David Kornblatt

If it’s 12 months of credit it would be about 1% to 2% on our effective tax rate. I think we’re still hopeful there’s a little bit of retroactivity there. It’s in that range. It should allow us to get below 34% if it’s reinstated.

JB Groh – DA Davidson

Maybe you could comment on what you’re seeing on the acquisition front. Obviously the public companies evaluations have come in quite a bit. We’ve seen the same sort of thing on asking prices for any private deals that you’ve been looking at.

Richard Ill

First of all the acquisition front there’s a lot of activity still. In my opinion you’re seeing the last vestiges of some people trying to get outlandish multiples. The multiples have come down a touch and be a little bit more realistic. Maybe a little bit different structuring of any of the deals. Generally speaking there’s still a lot of activity with people potentially trying to sell their companies at what they perceive to be still the top of the build cycle. Any acquirer could take advantage of the business they get over the next year or two.

Operator

Your next question comes from [John Ely] – Forest Investment Management.

[John Ely] – Forest Investment Management

You have $189.6 million odd draw on your revolver, how much does that leave in availability is it $160 million?

David Kornblatt

The revolver is up to $370 in availability so I guess it would be around $189 million.

[John Ely] – Forest Investment Management

What’s the current interest rate on that over libor is it still at 87.5 basis points?

David Kornblatt

Yes.

Operator

Your next question comes from Myles Walton – Oppenheimer & Company.

Myles Walton – Oppenheimer & Company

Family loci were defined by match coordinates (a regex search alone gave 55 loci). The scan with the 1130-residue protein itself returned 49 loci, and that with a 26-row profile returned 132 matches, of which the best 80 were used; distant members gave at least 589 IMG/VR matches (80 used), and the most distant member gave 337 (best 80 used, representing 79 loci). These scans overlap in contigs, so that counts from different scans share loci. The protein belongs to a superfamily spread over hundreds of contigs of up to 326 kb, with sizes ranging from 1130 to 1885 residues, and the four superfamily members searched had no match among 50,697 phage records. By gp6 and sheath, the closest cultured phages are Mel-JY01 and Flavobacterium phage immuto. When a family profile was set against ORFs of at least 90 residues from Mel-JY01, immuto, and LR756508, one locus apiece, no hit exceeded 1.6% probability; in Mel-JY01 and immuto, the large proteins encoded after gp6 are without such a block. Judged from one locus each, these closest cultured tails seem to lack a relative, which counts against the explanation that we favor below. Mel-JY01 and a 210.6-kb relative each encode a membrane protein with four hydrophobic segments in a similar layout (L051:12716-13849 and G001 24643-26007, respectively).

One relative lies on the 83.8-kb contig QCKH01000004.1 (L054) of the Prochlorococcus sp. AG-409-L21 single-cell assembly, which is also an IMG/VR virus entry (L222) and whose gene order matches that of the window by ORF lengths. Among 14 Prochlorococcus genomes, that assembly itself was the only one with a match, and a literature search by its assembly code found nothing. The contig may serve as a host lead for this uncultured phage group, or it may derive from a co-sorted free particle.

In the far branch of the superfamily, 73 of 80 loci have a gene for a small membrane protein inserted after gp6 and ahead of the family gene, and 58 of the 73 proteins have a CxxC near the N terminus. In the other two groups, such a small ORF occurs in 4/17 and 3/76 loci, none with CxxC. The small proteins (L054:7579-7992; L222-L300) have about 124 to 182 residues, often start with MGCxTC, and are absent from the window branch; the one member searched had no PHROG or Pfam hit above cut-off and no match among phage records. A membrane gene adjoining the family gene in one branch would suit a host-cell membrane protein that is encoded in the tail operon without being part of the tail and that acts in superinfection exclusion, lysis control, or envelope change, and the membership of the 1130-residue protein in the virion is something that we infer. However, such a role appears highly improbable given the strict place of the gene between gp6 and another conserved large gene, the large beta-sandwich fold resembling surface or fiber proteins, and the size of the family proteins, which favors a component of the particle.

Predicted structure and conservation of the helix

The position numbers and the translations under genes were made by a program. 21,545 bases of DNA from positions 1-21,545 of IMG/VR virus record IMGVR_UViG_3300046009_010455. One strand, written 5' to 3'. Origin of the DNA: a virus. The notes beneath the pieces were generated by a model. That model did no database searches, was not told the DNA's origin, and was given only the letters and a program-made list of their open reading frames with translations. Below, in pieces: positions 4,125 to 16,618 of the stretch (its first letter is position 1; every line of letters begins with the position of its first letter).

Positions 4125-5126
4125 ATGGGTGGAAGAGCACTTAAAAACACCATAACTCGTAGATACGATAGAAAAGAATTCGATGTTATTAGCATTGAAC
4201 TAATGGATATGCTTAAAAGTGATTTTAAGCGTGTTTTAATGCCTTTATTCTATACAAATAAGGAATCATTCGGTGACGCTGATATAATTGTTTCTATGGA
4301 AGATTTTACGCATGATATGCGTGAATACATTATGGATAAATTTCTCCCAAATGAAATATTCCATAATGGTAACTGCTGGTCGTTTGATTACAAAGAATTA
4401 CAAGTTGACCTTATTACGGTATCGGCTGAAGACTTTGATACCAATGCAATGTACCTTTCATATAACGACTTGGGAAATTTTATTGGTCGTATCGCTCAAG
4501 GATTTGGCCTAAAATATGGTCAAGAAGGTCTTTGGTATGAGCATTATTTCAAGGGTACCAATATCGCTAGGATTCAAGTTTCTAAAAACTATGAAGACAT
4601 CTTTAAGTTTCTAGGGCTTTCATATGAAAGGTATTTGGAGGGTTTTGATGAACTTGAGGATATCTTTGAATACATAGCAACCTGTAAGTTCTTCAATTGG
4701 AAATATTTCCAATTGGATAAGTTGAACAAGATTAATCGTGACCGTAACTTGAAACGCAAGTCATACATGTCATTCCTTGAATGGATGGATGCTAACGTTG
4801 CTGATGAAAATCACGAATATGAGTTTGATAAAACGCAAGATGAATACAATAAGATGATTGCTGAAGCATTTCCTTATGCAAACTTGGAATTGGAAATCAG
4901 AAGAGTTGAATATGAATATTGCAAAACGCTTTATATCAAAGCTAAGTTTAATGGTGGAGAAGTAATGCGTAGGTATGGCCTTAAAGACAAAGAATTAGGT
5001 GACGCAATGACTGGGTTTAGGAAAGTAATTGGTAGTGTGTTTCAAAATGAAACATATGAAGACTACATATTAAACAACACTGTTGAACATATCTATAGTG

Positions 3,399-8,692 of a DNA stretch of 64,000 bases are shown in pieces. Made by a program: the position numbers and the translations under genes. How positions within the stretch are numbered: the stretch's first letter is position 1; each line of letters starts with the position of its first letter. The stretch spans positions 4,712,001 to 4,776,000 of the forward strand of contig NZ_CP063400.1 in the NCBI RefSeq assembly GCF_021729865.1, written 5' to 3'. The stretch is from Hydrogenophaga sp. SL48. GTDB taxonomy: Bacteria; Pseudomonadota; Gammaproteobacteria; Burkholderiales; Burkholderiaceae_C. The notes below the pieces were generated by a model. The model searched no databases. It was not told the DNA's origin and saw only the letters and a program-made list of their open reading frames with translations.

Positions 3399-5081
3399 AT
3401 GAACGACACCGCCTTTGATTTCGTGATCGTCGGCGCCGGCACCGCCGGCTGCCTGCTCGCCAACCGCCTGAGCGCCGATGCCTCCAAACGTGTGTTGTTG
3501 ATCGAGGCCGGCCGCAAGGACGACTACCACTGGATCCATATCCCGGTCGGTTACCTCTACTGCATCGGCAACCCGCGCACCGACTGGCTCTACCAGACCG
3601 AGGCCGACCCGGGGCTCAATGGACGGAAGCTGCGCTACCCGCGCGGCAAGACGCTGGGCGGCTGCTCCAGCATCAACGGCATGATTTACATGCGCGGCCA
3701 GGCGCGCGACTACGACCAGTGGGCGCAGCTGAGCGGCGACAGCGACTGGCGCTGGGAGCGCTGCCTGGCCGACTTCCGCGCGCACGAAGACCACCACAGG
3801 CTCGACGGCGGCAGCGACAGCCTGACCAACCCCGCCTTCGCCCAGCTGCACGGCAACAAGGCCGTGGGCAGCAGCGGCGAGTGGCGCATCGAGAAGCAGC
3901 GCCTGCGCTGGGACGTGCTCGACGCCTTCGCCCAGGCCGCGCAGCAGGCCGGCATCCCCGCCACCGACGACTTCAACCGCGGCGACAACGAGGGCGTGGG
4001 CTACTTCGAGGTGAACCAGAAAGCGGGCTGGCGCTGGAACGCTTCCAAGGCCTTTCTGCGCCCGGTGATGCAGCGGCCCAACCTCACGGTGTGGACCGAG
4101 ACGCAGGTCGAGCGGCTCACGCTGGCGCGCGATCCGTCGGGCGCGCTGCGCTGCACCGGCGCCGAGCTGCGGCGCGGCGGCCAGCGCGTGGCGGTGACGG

Boeing entering negotiations here with its labor union this quarter and can you remind us back when there was a strike I was looking at the model and the numbers it didn’t look like there was much of an impact to you even when that strike took place back in ’05. Could you give us some historical perspective on whether or not it did and what if any would be the case this go round if there were to be a labor dispute?

Richard Ill

If there were to be, there really wasn’t much of one at that point in time because it wasn’t a particularly lengthy one and some of the products that would really affect us were again at the tail end of the production cycle for Boeing. Unless it was a prolonged strike I don’t think that it would affect us in any great way.

Back when they had stoppages before or potential stoppages we haven’t stopped production. We might not be able to ship right away and we’d hold it for them but we haven’t stopped production and we catch up very quickly on a revenue basis. That’s what happened in the past. If it’s a prolonged strike then you have a problem of not being able to ship the product and that would eventually affect our production aspect. I don’t see that happening at this point in time.

Myles Walton – Oppenheimer & Company

I was just looking for the perspective relative to the last time it happened I think it was about a month back in ’05 so that color is helpful.

Operator

Your next question comes from Tyler Hojo – Sidoti.

Tyler Hojo – Sidoti

On legal what’s baked into your guidance, are you still looking for roughly $9 million?

Richard Ill

We have a budget of $9 million, $1.5 million for the quarter and our budget for the year is $9 million.

Operator

Since there are no further questions this concludes the Triumph Group fiscal 2009 first quarter earnings conference call.

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Source: Triumph Group, Inc. F1Q09 (Qtr End 06/30/08) Earnings Call Transcript